Africa has about 30,000 miles of railway, of several different gauges. The railways are most developed in the Maghreb (1) and in South Africa, where average density is a mile of railway for every 50-60 square miles; in tropical Africa, it is one for every 340-350 square miles (against 1 for 18 in the U.S.A. and 1 for 8 in France). The best road networks are also in South Africa and along parts of the Mediterranean coast. Road building has been speeded up since the war, and newly independent states like Ghana are giving it special attention, but good hard-topped or even gravel roads are few in the tropical areas; the 'continental routes' are mostly dirt roads, with many stretches impassable in the rainy season.
The chief navigable waterways (apart from the Suez Canal - 6) are: the Congo and its tributaries, about 8,000 miles in all, far the most extensive river navigation system; the Niger and Benue; the Nile; and the Great Lakes of East Africa. Rail links have been built to complete the transport system at points where river navigation is broken by rapids, as on the Congo below Leopoldville (B, 24); but this means costly transhipment (some freight from the interior has to switch from river to rail and back three or four times to reach a seaport).
Passenger transport is largely by rail and waterway, though more and more buses are now operating, especially in West Africa.
The transport deficiency is a serious obstacle to general development, but difficult terrain, tropical conditions, and the need to import skill and many materials make new construction expensive. Most current construction is of roads on routes where neither rail nor river provides a means of transport, but some new railways are also being built (20, 31).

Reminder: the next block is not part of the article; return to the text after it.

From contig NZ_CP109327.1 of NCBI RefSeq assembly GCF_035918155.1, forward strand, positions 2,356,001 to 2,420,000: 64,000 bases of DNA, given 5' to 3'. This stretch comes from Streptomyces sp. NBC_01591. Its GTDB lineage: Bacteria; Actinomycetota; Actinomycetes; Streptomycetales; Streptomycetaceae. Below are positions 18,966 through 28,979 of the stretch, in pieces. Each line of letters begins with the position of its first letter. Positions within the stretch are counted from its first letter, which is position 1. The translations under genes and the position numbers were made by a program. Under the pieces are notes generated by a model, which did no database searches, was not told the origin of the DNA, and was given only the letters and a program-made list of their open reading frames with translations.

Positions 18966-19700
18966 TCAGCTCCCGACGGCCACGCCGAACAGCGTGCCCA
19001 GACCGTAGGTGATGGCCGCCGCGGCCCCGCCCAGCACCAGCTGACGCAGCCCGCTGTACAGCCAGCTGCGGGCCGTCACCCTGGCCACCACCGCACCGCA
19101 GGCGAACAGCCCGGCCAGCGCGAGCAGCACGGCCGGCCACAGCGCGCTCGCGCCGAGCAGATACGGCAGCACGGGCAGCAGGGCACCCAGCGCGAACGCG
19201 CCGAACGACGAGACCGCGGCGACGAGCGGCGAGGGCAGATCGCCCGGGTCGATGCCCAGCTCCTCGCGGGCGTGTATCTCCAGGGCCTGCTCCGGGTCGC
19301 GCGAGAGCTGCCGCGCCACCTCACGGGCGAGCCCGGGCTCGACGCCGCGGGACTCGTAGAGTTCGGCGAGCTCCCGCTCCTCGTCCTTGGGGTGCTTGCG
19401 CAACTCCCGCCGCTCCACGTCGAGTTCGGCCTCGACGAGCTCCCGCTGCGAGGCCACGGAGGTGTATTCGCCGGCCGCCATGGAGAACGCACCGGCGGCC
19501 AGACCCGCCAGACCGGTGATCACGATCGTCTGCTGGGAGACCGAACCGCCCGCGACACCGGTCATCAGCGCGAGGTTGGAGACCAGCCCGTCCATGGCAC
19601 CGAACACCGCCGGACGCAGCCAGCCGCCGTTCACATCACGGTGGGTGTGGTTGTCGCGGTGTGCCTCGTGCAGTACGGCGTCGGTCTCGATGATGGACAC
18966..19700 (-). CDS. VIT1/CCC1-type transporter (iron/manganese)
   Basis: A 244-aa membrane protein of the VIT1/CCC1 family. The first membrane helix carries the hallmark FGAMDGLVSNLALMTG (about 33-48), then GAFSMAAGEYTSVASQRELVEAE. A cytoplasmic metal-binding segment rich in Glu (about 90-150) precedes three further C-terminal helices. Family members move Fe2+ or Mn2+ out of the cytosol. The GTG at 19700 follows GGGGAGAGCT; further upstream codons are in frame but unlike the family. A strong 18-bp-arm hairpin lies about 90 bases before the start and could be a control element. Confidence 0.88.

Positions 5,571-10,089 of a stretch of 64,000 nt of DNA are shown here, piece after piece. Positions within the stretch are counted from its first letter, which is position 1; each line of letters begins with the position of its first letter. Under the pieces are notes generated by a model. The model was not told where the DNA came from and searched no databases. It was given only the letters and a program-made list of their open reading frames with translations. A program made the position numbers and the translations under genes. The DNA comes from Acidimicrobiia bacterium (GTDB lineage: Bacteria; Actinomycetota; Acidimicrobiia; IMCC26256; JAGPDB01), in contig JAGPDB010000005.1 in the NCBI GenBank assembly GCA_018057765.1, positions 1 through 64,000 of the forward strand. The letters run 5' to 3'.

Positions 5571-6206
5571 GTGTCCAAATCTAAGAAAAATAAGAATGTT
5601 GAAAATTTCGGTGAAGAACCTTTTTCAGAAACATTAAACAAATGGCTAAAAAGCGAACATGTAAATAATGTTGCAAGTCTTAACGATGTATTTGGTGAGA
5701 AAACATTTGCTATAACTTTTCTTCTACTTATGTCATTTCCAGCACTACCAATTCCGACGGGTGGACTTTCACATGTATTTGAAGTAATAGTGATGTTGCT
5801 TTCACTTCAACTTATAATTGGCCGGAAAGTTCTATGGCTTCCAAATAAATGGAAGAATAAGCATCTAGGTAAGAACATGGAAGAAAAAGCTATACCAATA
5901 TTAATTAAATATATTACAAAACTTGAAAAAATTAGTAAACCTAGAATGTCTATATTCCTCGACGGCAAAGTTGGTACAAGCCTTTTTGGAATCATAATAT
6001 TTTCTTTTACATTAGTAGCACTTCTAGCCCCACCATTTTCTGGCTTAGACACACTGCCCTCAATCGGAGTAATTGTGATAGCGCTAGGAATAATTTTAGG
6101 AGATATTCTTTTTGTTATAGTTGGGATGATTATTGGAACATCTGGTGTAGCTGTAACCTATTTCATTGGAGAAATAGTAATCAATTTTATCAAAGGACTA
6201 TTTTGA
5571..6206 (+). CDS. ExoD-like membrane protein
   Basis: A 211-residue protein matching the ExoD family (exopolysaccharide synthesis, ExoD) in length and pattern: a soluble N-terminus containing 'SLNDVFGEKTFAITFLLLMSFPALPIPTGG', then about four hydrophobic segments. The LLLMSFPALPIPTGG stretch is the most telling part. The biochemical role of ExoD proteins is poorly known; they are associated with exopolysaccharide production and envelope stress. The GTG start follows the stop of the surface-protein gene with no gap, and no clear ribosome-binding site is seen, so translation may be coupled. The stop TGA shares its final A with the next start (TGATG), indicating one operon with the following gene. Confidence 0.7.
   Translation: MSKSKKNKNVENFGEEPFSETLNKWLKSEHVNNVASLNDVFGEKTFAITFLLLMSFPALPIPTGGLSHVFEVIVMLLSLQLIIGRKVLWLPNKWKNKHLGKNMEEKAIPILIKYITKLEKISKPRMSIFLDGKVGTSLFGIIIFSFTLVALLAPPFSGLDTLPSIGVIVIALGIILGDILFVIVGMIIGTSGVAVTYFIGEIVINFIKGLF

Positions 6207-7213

The numerous railways that link the hinterland with seaports reflect the dependence of the modern parts of most regions' economies on overseas trade, and the low level of trade between African areas themselves. The artificial pattern of past colonial rule is stamped on much of the rail system, with its differing gauges, and, in some cases, routes that conform to the borders between the spheres of former ruling powers rather than to economic realities.
Most large cities are now on international air routes, and there are many regular inter-territorial flights, the main gap in these being between West Africa and the north-east. The coming of air transport has had important political effects, making possible conferences of leaders from many parts of Africa who could not otherwise have met